Category Archives: Emigration/Immigration

SWEET DRINK: Wieting & Richter Ltd.: Cold Storage and Ice Depot – By Dr. Vibert Cambridge


In the previous installment, we noted that, as was the case with Josė Gomes d’Aguiar, Carl Wieting and Gustav Henri Richter, the founders of Wieting & Richter Ltd., were in British Guiana to try their luck. They did not come from Portugal. They came from Prussia.

Carl Wieting [Sr.]

At the time of writing, there were few details on Carl Wieting’s early years. There is evidence to conclude that he was born in Prussia in 1843. He died in British Guiana in October 1919 at the age of 76. In his obituary in the Louisiana Planter and Sugar Manufacturers, he was described as “a distinguished citizen, a man of ability and enterprise, [who was admired for] the energy with which he carried out his ideas and successfully developed them during his long career in British Guiana.” His first wife, Christina, had predeceased him. She was 34 when she died in 1888.  A plaque in the crypt in St. George’s Cathedral memorializes Wieting for his “many years as Warden of [the] Cathedral.” Also memorialized on the plaque is Martha, his second wife, who predeceased him in 1918.          Continue reading

EMANCIPATION DAY 2021: ‘Emancipate yourself from mental slavery’ – says Former President Granger

People’s National Congress – Message on Emancipation Day 2021

Press statement  – 30th July 2021.

‘Emancipate yourself from mental slavery’ – Former President Granger urges as Guyana celebrates Emancipation Day.

Former President David Granger on Friday urged Guyanese to emancipate themselves from mental slavery and become the drivers for change in their communities and the country.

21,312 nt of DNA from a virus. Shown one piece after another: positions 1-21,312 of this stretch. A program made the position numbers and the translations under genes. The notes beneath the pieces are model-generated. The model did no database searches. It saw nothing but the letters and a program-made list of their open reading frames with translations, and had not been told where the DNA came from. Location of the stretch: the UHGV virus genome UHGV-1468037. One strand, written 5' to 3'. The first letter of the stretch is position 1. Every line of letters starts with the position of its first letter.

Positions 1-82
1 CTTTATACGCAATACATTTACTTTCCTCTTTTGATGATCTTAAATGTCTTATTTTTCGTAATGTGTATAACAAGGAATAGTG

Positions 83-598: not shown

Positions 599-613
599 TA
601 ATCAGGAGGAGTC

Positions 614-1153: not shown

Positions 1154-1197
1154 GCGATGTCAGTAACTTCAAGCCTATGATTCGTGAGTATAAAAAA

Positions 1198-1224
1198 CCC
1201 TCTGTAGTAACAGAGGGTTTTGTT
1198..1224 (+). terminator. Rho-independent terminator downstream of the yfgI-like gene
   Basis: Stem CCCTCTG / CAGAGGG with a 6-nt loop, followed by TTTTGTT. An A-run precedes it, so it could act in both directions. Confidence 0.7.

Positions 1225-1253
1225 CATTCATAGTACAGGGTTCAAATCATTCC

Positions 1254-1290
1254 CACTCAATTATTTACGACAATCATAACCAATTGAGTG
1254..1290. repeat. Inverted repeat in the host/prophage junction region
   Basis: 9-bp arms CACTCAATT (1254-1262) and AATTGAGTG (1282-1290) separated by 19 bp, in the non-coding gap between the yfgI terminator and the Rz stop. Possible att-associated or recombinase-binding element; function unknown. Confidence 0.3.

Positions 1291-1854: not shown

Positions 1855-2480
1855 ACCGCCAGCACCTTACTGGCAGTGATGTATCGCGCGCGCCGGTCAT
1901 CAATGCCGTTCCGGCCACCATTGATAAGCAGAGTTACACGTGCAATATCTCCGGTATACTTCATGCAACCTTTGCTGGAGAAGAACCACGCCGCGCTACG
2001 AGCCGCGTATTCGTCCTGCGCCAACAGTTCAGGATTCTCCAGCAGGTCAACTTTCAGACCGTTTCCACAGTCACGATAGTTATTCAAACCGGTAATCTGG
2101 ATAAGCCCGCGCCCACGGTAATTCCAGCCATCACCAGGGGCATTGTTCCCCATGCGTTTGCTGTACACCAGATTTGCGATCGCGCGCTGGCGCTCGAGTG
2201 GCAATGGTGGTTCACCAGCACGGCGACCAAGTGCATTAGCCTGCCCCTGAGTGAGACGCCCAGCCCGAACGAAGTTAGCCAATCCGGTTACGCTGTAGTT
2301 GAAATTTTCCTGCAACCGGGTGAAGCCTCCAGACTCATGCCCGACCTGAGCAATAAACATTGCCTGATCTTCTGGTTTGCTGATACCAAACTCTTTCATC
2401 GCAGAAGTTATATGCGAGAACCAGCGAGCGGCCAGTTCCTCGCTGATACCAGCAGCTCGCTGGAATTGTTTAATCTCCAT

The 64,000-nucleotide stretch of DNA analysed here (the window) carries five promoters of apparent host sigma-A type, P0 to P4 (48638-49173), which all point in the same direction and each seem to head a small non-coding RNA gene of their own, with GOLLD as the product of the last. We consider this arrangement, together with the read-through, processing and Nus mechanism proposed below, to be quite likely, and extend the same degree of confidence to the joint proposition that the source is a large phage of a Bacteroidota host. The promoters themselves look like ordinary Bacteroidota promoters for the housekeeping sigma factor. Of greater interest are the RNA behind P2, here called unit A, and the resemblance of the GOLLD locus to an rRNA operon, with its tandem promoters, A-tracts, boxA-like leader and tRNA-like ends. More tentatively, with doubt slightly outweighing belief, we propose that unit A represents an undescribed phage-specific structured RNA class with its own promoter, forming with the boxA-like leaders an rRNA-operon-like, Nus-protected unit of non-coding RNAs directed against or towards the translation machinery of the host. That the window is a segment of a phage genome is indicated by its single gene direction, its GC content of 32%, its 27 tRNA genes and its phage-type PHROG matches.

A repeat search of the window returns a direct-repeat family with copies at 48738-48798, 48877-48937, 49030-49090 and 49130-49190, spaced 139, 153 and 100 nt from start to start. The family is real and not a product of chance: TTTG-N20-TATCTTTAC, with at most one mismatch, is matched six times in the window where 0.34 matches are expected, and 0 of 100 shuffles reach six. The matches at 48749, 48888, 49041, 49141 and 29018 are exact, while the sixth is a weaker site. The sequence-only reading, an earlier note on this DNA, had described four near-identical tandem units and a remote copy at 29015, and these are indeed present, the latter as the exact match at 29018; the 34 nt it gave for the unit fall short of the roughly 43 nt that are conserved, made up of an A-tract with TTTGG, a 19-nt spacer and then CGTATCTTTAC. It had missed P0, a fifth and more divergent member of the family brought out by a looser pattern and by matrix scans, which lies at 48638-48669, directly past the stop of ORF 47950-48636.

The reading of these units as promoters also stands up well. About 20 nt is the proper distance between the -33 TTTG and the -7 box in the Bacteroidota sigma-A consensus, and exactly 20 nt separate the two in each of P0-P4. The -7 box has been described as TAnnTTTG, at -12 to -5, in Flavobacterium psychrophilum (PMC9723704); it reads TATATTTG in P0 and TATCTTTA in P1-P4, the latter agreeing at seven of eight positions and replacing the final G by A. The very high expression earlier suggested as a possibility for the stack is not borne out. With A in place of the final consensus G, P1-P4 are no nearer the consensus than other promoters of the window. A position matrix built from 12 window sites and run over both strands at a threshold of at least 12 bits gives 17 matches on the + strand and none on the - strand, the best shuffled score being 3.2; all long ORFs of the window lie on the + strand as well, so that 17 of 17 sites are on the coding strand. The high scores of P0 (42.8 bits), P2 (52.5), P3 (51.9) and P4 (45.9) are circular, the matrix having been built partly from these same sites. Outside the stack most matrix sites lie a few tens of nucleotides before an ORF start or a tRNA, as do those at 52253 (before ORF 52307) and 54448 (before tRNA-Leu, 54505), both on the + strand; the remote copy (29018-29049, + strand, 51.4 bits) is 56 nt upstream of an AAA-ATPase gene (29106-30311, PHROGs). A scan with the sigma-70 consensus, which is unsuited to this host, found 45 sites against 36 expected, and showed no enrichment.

During his weekly programme, “The Public Interest,” Mr. Granger said that, as the nation prepares to celebrate the 183rd anniversary of Emancipation, that historical event is still relevant to everyday life. He explained that Emancipation set the foundation for political, economic and social changes that transformed the plantations into a nation.          Continue reading

UK: From British Guiana to Bristol – 90-year-old reflects on life after Windrush

Eileen (sitting at centre) now has four children, seven grandchildren and four great-grandchildren. Credit: ITV West Country

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Eileen (sitting at centre) now has four children, seven grandchildren and four great-grandchildren. Credit: ITV West Country
Eileen Polis arrived from then British Guiana with very little – but she became an influential and respected member of several Bristol communities as well as one of the first Caribbean nurses at Southmead Hospital.      Continue reading

GUYANA: History: The Chinese in Guyana


This brief feature on the Chinese which has been edited, was first published by the Stabroek News on January 9, 1988.

The presence of new Chinese immigrants among us is often remarked upon. They are, however, merely the latest wave in a continuing story of immigration to this country. January 12, 2013, marked the 160th anniversary of the arrival of the first Chinese in Guyana.

The first 647 Chinese were brought into the colony of British Guiana in three ships during 1853. The first boat to dock on January 12, 1853 was the Glentanner, carrying 262 passengers from Amoy. These were distributed amongst the plantations of Windsor Forest (West Coast Demerara), Pouderoyen (West Bank Demerara) and La Jalousie (West Coast Demerara),  while one lone soul was sent to Union in Essequibo.        Continue reading